(Third) Rate the IL Hotel: The Finale!
It’s time once again for the game which always has perfect water pressure……
(Third) Rate the IL Hotel!!!
And now your host who never disturbs…..Jason Benetti!
Well hello everyone and welcome once again to (Third) Rate the IL Hotel. If you’re thinking, “I thought (Third) Rate the IL Hotel was last season,” you’re right. Our new season will debut in about two weeks. But, because the Chiefs didn’t travel to Scranton last season, we bring you our cliffhanger finale right now.
In case you just joined us, here are the rules to (Third) Rate the IL Hotel. We give you three positives and three negatives of the most recent hotel the Syracuse Chiefs have stayed in. Then, we assign a score between 1 and 100. That score can be redeemed for a travel-size deodorant at the front desk.
So, without further ado, we unveil the final edition of (Third) Rate the IL Hotel. Today’s hotel: The Radisson Lackawanna Station in Scranton, PA!
1) Chug-a-chug-a. The Scranton/Wilkes-Barre team in the International League has been called three nicknames in eight years. Much to the delight of former P.A. announcer John Davies, they were the Red Barons in 2006. With new ownership in 2007, they became the Yankees. Now, residing in a new ballpark at the same site, the Scranton nine is called the RailRiders. This name harkens back to a rich history of early transportation and coal mining in the area. Though the new mascot doesn’t exactly shriek New Haven Railroad–it’s a purple porcupine–the team hotel does the trick. The Chiefs stay at the Radisson Lackawanna Station which is exactly what it sounds like. It’s a former train station. It stopped being one in 1970 and has since become a hotel. This is fitting, what with the RailRiders and Chiefs both sporting loco-motifs. Each team has used the slogan “All Aboard” in the last three years. Maybe the Radisson has taken it too far….
2) Be married.
As I waited for the shuttle to the ballpark on Saturday, I chatted with Chiefs strength and conditioning coach Brett Henry. As we talked, two separate people asked Brett to move aside so they could squeeze by with a stack of chairs. The chairs were on their way to the central lobby within the station where, I imagine, people used to wait for the 6:15 to Elmira. I like a place that’s a wedding hot spot. The people that stay in the hotel for a wedding generally fall into three categories:
A) Nervous and neurotic
C) Overemotional and ready to burst
Two of those three sets of people are great fun to deal with as a stranger. And, it’s easy to tell who falls into the first category. The nervous and neurotic folks generally have as good of a poker face as Dr. Orin Scrivelo.
3) Eat & drink.
The restaurant in the hotel lobby has tremendous food. Reasonably-priced breakfast–$7 for a sizable portion of french toast with a hint of orange in the batter–and a wide-ranging lunch buffet are great perks. In addition, there’s a water jug near the main desk filled with icy, fruit-flavored water. Always a welcome addition.
1) Lake Eerie. An old train station, you say? Sounds like it could be haunted, Jason. You’re right, dear reader. The Radisson seems to have strange things happen inside of it. Here are a few examples:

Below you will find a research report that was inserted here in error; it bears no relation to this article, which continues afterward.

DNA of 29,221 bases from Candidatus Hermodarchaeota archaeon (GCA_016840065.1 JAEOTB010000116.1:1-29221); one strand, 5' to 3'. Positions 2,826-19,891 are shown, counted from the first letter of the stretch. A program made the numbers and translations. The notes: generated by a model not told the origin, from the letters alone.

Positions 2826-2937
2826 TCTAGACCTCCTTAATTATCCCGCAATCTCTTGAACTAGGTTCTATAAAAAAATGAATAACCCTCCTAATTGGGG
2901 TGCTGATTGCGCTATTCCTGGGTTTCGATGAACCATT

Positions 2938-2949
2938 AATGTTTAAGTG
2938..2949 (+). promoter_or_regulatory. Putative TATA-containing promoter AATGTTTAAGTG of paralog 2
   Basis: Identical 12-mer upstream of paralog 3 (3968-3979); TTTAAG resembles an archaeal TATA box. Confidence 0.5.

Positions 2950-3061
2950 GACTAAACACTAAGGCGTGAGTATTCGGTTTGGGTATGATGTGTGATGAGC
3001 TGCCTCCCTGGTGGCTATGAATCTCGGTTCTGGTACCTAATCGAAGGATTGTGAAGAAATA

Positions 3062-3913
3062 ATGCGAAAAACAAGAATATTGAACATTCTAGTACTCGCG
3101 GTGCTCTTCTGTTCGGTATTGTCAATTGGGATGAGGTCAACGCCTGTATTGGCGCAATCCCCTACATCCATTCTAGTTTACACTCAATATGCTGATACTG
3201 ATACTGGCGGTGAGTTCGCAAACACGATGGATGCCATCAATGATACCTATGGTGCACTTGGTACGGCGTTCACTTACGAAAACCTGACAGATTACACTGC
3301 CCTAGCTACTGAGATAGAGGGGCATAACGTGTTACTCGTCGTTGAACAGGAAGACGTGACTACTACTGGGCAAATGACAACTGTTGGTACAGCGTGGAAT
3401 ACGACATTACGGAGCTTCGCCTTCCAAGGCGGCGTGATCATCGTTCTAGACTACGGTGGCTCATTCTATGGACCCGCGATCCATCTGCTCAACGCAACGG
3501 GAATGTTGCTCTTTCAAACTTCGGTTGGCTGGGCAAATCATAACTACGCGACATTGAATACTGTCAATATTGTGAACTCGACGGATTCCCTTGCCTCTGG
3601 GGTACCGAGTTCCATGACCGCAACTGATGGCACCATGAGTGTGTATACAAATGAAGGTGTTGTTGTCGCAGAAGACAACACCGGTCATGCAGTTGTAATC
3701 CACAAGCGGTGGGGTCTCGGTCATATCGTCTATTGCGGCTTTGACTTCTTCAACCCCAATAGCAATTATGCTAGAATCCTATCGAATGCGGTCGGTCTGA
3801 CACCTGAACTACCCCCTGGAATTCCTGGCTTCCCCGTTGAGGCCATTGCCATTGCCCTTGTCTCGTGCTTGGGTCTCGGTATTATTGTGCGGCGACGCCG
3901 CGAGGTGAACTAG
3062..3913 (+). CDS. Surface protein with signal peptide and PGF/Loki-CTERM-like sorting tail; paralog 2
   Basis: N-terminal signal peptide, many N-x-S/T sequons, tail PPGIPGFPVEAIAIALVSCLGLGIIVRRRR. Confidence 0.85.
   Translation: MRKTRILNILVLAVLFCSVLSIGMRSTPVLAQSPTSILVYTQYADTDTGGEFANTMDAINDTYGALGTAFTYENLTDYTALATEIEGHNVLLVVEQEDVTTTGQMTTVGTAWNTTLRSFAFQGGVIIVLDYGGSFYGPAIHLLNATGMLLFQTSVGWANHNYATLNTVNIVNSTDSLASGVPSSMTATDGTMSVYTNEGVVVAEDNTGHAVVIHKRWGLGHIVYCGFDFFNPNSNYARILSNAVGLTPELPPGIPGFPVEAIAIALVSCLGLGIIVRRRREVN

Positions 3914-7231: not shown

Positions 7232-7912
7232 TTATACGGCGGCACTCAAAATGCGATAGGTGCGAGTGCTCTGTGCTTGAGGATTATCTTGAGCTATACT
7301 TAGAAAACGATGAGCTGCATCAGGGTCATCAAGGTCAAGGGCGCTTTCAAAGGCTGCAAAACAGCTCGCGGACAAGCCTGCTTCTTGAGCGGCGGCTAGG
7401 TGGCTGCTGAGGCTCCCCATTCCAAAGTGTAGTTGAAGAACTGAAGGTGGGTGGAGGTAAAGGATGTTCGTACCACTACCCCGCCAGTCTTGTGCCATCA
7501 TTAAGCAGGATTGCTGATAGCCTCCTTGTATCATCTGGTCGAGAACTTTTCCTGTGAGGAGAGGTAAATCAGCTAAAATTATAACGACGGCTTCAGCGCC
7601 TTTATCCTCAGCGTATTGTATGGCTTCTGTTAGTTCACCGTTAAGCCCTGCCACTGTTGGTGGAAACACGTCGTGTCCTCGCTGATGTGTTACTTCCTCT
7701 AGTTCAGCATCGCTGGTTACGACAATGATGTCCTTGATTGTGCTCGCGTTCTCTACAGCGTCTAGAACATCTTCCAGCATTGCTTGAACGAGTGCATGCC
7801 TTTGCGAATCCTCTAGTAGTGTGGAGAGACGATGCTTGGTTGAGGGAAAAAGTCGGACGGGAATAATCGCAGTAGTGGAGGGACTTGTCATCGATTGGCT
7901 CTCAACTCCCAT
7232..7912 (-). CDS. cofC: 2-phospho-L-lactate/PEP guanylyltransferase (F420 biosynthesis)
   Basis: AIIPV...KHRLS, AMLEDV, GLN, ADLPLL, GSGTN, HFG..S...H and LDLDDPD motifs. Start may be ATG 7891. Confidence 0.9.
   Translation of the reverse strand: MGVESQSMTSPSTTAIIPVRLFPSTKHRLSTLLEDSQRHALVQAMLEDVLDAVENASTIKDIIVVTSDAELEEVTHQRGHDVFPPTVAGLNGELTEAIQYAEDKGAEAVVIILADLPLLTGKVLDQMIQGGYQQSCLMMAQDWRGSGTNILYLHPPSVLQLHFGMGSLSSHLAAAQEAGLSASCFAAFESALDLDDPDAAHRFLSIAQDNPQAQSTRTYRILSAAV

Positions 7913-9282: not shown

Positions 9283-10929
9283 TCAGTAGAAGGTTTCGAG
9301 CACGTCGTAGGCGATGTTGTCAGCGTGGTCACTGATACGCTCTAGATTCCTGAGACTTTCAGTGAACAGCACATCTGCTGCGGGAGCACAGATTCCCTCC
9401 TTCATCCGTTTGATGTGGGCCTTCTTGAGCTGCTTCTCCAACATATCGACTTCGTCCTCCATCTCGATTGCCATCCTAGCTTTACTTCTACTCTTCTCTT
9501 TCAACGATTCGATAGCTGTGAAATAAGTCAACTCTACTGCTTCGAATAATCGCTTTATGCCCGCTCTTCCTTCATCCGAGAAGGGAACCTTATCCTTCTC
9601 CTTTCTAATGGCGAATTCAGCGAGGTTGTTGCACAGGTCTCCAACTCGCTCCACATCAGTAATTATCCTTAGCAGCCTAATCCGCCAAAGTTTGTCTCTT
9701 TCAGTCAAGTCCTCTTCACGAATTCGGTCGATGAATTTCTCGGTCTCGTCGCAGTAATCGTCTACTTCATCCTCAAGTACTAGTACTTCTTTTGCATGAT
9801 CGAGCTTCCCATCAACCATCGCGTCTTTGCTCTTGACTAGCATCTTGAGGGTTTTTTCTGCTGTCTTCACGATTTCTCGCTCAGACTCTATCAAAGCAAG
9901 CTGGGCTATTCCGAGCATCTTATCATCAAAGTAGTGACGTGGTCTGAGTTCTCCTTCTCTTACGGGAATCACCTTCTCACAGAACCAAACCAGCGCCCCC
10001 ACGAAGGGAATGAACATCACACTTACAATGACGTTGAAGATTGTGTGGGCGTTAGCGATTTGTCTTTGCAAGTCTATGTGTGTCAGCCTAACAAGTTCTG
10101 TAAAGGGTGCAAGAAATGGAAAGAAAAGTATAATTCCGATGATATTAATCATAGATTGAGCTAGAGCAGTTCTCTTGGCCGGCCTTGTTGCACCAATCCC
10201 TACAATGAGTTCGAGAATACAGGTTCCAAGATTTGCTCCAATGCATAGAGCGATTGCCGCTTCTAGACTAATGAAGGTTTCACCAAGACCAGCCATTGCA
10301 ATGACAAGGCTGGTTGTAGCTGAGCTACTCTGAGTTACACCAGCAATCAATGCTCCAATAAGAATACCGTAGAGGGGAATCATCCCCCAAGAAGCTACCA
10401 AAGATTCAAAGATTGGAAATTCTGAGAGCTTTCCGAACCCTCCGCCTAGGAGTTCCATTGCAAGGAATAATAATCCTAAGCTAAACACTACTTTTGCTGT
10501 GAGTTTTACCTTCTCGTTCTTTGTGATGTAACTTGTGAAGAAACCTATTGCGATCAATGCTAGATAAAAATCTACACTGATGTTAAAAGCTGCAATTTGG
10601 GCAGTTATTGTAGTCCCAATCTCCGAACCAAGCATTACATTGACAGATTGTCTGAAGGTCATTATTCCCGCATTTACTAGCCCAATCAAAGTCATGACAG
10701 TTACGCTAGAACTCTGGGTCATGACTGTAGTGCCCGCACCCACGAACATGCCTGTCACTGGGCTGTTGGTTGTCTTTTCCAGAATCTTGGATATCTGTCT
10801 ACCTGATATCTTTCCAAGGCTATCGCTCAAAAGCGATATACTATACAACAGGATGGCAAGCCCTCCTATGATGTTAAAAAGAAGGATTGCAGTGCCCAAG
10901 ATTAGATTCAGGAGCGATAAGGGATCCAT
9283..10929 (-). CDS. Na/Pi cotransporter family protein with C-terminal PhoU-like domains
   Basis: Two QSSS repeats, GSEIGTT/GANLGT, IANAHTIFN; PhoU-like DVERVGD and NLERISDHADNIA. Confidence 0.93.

“The player told us that one night around midnight three of his teammates were walking down the hallway on the 6th floor and encountered a ghost who last leaning over a railing. The railing overlooked the dinning room that was located six floors below. The three players stopped dead in their tracks and claim the ghost told them he was killed in a car accident. As he was talking to them, his head spun around 360 degrees. ”
–Scott McCauley, former Indianapolis announcer.
“Recently, Lehigh Valley slugger Terry Tiffee felt the wrath of the haunted hotel. Tiffee was staying in room 420 and heard a knock at the door. Reportedly, he answered the door and an African American gentleman in a tuxedo, claiming to be a bellman asked if everything was OK. Tiffee thought it was a strange visit, so he called the front desk to ask about his visitor. The girl at the desk told Tiffee that the hotel employed no such person. Tiffee was sufficiently spooked to pack his bags and move across the street to the Hilton, paying the $200 per night tab himself.”
–Steve Hyder, former Pawtucket and Syracuse announcer
“Pretty soon, half of the team is joining in on stories about how a CF from another team (don’t know the name of course) swore he saw a ghost in his room or how a coach woke up in the middle of the night to his TV being turned off and pushed back into it’s standup dresser. For every guy on the team, there were 2-3 stories to be told per person and although the details seemed to be a little vague and no one knew names it was enough to get the blood going, and we still had 3 more nights in the hotel. For three straight days people came to the field, some a little more sleep-deprived than others, asking if anything happened to a teammate that night and anxious to hear another story.”
–Ryan Tatusko, current Chiefs pitcher
This season, Chiefs manager Tony Beasley told me he went to sleep with the TV on and woke up with it off. He didn’t activate a sleep timer.
I’ve never experienced the paranormal myself. Then again, it’s tough to feel anything when you go to sleep blasting Metallica in your headphones while curled in a ball in the bathtub.
2) Losing in the Sky.
Nah. Close, though.
3 Sized up.
I’d like to see the blueprints for the Radisson Lackawanna Station. It’s got to look like Q*Bert’s tower.
Some of the rooms could house a rugby tournament. Others couldn’t fit more than three people at a time. Crapshoot.
Had I been abducted by ghosts over the past few years, that score would have skyrocketed.